World Boxing Championships: Frazer Clarke finally ready to make debut after injury

Fraser Clarke
Frazer Clarke won the super-heavyweight division at the Rio 2016 test event

Super-heavyweight Frazer Clarke feels ready to make his World Boxing Championships debut having feared his career was over in 2017.

Clarke, 28, was understudy to Anthony Joshua and Joe Joyce in the Great Britain squad, then injury hit after he succeeded them as number-one choice.

"I detached my hamstring - it was career-threatening and the worst year of my life," Clarke said.

"I've had to be patient but I'm now 100% ready to take a medal."

Clarke is one of 13 GB boxers selected to compete at the World Championships in Ekaterinburg, Russia, from 7-21 September.

The Burton fighter was sparring partner to Joshua and Joyce as they were picked ahead of him to represent GB at the last two Olympic Games.

Following Rio 2016, Clarke was given the nod to fight through to next year's Tokyo Games in the super-heavyweight category.

But he missed the first World Championships of the cycle in 2017 due to a freak injury.

"I was playing a stupid game of football before the European Championships and I slipped," Clarke told BBC Sport.

"I've got quite a high pain threshold but this was by the far the worst pain I've ever felt in my life.

"The pain completely took my breath away. I'll take getting hit in the face any day.

"The hamstring had completely ripped off the bone. It was a scary time.

"The World Championships that year were only two months away and it was finally my time to go.

"But I had to have an operation and I was out for the best part of a year."

Fraser Clarke
Clarke won European silver in 2017 despite tearing his hamstring in a freak football accident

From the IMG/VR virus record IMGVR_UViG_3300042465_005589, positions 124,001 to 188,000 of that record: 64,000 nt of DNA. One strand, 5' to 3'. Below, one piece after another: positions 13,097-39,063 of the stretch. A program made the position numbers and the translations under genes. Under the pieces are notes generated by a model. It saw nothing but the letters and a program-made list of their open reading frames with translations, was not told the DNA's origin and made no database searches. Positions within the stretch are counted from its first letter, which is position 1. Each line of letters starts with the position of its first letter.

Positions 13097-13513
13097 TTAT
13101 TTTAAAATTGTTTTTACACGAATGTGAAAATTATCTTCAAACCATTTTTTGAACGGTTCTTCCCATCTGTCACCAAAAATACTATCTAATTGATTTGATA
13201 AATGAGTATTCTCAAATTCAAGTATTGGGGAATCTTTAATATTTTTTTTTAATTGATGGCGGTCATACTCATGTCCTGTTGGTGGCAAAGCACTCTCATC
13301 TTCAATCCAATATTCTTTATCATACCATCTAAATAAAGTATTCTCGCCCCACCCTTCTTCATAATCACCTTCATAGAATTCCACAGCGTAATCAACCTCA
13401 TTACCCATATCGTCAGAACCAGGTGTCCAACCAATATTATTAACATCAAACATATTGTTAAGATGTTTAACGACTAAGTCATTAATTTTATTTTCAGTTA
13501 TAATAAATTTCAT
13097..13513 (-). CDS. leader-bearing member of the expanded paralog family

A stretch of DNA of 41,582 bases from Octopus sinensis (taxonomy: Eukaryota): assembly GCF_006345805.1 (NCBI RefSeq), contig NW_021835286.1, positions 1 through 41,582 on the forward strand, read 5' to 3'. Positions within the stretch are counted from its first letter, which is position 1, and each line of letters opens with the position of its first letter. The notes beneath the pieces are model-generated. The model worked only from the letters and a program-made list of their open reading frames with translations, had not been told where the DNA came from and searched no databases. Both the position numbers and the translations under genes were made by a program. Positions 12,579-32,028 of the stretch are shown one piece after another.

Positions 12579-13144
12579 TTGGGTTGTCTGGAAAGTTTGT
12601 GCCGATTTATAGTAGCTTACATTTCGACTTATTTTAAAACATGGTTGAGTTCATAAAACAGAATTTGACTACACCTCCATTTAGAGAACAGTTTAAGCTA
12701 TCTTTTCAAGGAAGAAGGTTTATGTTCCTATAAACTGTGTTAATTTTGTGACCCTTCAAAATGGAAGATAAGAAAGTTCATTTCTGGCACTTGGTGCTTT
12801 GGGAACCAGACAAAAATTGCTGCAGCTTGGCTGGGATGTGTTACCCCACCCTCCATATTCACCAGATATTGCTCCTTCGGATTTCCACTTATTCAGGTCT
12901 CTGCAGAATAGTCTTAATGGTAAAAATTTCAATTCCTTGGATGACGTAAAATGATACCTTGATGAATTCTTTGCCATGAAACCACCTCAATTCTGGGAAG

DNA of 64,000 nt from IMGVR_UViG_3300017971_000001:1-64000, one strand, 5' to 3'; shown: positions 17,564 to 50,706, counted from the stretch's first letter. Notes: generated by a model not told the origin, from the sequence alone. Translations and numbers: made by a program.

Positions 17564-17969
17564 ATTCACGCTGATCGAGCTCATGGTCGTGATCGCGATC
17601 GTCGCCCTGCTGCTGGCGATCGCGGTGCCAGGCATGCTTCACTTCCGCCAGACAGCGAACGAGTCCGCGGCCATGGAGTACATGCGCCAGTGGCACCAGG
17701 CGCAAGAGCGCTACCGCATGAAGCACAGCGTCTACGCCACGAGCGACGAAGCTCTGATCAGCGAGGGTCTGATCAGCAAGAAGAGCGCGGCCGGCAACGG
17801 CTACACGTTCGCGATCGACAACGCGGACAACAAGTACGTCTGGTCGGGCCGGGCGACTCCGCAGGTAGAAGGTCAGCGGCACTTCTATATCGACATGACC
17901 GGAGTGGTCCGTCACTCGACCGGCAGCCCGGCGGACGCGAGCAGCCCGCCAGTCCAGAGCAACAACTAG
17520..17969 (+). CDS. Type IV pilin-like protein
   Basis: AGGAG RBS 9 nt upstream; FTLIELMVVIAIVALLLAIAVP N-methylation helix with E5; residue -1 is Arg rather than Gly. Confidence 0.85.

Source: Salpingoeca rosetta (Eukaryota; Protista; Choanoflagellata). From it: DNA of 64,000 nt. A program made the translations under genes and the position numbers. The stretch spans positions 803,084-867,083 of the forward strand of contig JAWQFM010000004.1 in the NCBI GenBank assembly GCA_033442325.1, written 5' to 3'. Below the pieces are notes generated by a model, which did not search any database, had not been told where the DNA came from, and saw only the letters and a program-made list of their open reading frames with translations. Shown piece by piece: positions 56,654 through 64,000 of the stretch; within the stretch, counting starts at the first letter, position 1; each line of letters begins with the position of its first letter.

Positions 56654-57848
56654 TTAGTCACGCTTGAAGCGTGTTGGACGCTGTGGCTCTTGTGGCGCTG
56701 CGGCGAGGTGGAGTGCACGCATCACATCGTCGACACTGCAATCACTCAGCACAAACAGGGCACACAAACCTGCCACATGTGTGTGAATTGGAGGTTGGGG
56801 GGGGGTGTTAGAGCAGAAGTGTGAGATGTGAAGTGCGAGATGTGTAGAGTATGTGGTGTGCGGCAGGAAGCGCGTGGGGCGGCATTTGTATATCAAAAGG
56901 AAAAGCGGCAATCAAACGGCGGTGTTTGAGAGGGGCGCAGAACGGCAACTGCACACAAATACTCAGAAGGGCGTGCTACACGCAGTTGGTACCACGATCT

Once again missing out, the setback took its toll.

"I was really down," said Clarke. "There were four or five days I didn't want to get out of bed. I hit the food, I was having one too many pints."

"I just thought it was over for me - I was climbing the mountain and then I slipped all the way back down.

"I didn't think I could climb it again."

Clarke attributes the help of "good people" around him and the inspiration of his young daughter as catalysts for his successful return to the sport.

The 6ft 6in boxer marked his major comeback at last year's Commonwealth Games with a gold medal.

Starting with the World Championships, he is now fully focused on working towards his goal of Olympic success in Tokyo next year,

"I was at my pinnacle when the injury happened but I'm almost back to where I was and I'm more hungry now than ever," said Clarke.

"I want to go to these World Championships and let people know if they want an Olympic medal next year they're going to have to come through me.

"An Olympic medal is the reason I wake up every day. Qualifying for the Olympics and getting a medal - that's the foundation for my future."